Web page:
Following the signing of an MOU in 2023, UKAEA’s centre for robotics, RACE, and the Korea Institute of Fusion Energy (KFE) have defined a project and officially launched a collaboration. The project will research, commission and test the In-vessel Rapid Inspection System (IRIS), a novel robotic system that can be rapidly deployed for lightweight tasks and inspection. UKAEA and KFE are both working to make fusion energy a part of global future energy supply, and this collaboration brings us one step closer.
This collaboration is addressing a fundamental challenge in fusion – rapid deployment immediately following abnormal data or an unplanned event. RACE and KFE are researching, developing and plan to build a robotic system that can enter the most extreme environment – a tokamak hours after the last plasma pulse. Currently, there are no systems that can tolerate post-pulse temperatures, magnetism, radiation or vacuum pressures.
With KFE focusing on K-DEMO and RACE looking into general purpose technologies for ITER, DEMO and STEP, the environmental conditions IRIS will need to comply with are:
- Temperatures above 100°C
- Radiation up to 4 kGy/h
- Ultra-high vaccuum conditions
- Magnetic fields of up to 40 mT
IRIS should be able to enter these conditions through a narrow access port and conduct lightweight tasks. These include inspecting the first wall to look for damage like cracks or melts and intervening to fix and maintain with a small payload. As result the system also needs:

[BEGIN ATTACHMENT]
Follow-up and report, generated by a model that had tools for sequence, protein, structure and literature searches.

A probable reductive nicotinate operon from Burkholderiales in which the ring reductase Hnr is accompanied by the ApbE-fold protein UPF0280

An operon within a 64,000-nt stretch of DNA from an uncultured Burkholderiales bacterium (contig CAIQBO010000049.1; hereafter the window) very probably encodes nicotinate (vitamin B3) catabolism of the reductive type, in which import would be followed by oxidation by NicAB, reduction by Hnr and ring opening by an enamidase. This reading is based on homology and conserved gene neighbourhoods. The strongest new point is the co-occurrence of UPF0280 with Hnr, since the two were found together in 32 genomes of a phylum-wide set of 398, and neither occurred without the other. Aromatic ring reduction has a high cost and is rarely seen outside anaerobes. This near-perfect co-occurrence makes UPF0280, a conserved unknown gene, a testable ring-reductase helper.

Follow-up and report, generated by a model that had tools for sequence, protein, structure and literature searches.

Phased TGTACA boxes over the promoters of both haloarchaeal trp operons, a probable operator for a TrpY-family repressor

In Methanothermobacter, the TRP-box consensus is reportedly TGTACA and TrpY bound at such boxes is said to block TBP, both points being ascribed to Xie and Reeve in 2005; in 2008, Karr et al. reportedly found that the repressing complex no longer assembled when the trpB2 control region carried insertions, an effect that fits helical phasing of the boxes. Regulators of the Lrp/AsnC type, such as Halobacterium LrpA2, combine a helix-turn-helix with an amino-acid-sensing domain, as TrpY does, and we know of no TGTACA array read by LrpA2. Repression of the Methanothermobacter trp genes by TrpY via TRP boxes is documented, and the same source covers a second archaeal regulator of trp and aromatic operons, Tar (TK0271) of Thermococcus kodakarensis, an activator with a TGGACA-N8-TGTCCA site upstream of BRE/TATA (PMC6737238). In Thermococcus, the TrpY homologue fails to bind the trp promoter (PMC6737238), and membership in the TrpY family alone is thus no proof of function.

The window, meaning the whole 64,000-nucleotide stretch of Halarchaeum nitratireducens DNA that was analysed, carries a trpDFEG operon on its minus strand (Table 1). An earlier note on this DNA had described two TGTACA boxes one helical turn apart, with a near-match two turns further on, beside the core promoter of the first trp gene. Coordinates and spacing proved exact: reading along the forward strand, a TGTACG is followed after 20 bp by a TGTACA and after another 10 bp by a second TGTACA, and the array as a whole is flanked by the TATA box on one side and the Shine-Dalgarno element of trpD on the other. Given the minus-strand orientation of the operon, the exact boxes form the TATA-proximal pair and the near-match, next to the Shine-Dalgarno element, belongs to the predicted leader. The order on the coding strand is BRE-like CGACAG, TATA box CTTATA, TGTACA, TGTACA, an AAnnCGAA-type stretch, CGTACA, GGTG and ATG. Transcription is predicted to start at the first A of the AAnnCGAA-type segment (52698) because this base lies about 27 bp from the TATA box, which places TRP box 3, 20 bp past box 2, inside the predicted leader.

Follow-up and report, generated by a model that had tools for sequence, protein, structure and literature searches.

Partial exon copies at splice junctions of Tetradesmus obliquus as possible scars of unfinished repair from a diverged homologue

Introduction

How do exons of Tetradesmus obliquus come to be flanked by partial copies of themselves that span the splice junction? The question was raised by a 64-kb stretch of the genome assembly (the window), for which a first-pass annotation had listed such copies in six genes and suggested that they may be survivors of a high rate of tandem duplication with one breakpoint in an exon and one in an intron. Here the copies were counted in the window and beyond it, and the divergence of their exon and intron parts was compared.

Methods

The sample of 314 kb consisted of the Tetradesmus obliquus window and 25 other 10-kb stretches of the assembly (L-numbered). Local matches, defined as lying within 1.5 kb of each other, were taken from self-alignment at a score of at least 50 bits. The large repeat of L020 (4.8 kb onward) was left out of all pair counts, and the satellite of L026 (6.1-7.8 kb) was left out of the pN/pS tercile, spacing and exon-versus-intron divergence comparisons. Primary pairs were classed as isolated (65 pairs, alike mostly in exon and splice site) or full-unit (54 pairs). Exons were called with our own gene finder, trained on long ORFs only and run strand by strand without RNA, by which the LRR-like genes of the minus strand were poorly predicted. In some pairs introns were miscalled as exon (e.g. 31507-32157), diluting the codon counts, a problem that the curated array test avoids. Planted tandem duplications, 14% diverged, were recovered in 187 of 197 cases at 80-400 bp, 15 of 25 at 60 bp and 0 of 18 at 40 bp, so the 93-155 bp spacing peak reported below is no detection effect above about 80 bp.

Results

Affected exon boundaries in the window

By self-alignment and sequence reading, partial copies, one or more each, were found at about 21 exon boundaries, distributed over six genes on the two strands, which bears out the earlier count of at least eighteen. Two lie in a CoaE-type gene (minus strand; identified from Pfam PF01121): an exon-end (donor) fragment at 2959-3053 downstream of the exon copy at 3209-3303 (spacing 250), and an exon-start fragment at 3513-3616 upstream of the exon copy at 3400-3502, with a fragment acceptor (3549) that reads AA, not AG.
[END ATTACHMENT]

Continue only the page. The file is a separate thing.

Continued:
- 10m of reach
- Navigation and collision avoidance capability
- 10 kg payload capacity
- Maximum diameter of 300mm
- A dextrous end effector
Research into use cases, materials and initial designs are already underway, with commissioning of the system planned for the second half of 2024. Testing will commence in early 2025.
When complete, IRIS will be one of the hardiest robotic systems ever built. Dr Luca Raimondi, Robotics Research Engineer at RACE and the project’s lead says:
“Robotic remote maintenance is fundamental for commercially viable fusion energy. The novel long-reach manipulator that we will develop in this collaboration will play a crucial role, by minimising the shutdown period of fusion machines and avoiding breaching the vacuum. The system will be state-of-the-art, using distal actuation and the latest technologies to be compatible with the tokamak’s environment. We will be able to inspect and rapidly fix via light payload tasks.”
When speaking about the project, Dr Robert Skilton, UKAEA Robotics Fellow and Head of RACE’s Research Department, said:
“This collaboration is a symbiosis between two great fusion focused nations and will have global impact. Sharing experience, knowledge and insight on topics like remote maintenance robotics, advanced manufacturing and superconductors, won’t just be beneficial to K-DEMO and UK fusion efforts, but to the future of all fusion devices. As we work towards a future powered by fusion energy, this is an exciting step in collaboratively answering the unsolved challenges of robotics in fusion.”
To learn more about RACE’s collaborative research programme, please visit our website.